There is hope to lower the health risks associated with obesity and to combat obesity itself. The World Health Organization recommends people eat fewer foods that are high in saturated fat and sugar, less salt, more fresh fruit and vegetables and perform one hour of moderate-intensity activity each day. For some, these recommendations are harder than they seem. An easier way to a healthier weight is by taking “baby steps”; it is easy to be overwhelmed by making too many changes all at once. Begin by slowly cutting back on sugar and fat, and increase daily activity and movements. Try to prepare meals at home to cut back on takeaway foods and fast foods. Keep yourself moving throughout the day, take the stairs instead of the elevator, walk whenever possible and consider a simple light workout when cleared by your doctor. Get your family involved in eating healthy and getting active. New studies suggest that weight gain spreads through social circles, showing that the more overweight friends you have, the more likely you are to become overweight; instead of cutting back on social time, try to involve your friends in healthier activities. It’s much easier to stick to a healthy lifestyle when you have a support group, such as good friends or family. Research, from the Public Library of Science Biology, shows that exercise even helps you feel full by triggering specific neurons in the brain. These neurons control satiety and help reduce caloric intake by effecting eating patterns. Continuous overeating is shown to create a “neural signal malfunction” that makes it harder for you to feel full. Increasing exercise restores the neuron communication and allows you to reduce caloric intake by feeling full, this is particularly important for those who are obese. Feeling fuller reduces the desire to overeat, and starts the body on a path to recovery. Losing a few pounds not only increases your self confidence but it also lowers your blood pressure and strengthens your heart. There are many programs designed to help overweight individuals that take into account special needs, such as limited mobility, diabetes or other disease risk factors.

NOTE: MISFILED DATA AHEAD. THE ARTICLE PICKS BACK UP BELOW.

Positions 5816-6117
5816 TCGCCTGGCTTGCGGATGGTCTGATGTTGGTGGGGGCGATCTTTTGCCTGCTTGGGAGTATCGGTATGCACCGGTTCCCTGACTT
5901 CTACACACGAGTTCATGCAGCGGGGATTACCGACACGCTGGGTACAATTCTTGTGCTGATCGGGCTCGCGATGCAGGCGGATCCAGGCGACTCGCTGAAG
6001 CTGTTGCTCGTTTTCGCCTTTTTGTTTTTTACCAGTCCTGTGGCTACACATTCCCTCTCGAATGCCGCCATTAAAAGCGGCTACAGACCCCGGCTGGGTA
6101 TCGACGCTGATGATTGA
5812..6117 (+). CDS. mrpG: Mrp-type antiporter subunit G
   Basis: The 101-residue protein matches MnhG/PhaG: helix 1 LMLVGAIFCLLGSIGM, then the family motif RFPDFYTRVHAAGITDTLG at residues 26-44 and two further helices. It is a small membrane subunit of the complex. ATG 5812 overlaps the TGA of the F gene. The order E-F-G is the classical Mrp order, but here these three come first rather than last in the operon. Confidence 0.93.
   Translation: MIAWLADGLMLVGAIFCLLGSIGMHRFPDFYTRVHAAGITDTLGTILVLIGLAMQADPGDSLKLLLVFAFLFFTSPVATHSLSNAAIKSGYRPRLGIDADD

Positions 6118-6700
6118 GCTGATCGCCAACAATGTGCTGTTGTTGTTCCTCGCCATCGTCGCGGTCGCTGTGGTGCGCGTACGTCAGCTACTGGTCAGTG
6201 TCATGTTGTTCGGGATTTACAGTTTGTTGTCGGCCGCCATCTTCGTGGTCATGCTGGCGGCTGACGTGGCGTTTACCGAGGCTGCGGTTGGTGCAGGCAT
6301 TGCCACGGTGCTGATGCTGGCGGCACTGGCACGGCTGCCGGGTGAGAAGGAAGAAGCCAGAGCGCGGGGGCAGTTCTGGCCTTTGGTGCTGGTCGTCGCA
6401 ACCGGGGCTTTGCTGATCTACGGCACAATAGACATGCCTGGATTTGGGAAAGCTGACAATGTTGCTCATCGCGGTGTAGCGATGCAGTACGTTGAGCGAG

Though obesity has become a national health threat, there are things that can be done to combat this disease. Knowing the risks of obesity and the steps that can be taken to prevent those health problems allows you to make the correct choices to lead a healthy lifestyle. Healthy choices are always available, and there are many ways to get into a healthy lifestyle. One great website to look at for tips, information, and healthy options is http://www.healthypeople.gov. Find groups around your home and ask friends to get involved in healthier choices and activities. Take as many steps as you can to beat obesity and the risks it carries.
Bradley DW: The epidemic of overweight and obesity: a challenge to medicine, public health and public policy. N C Mdd J 67:268-272, 2006
Brian D. Biagioli: Advanced Concepts of Personal Training, 169-173
CDC: Obesity Trend Study: http://www.cdc.gov/obesity/data/trends.html
CDC: Vital Signs: State-Specific Obesity Prevalence Among Adults– United States, 2009
Nancy Hellmich: USA Today November Study, Obesity is contagious among friends
Public Library of Science Biology, Nov 8, 2010
Rachel Newcombe, Bupa Health News Reporter: http://www.bupa.co.uk/health_information/html/health_news/070303who.html
World Health Organization: Obesity and other diet-related chronic diseases list of publications: http://www.who.int/nutrition/publications/obesity/en/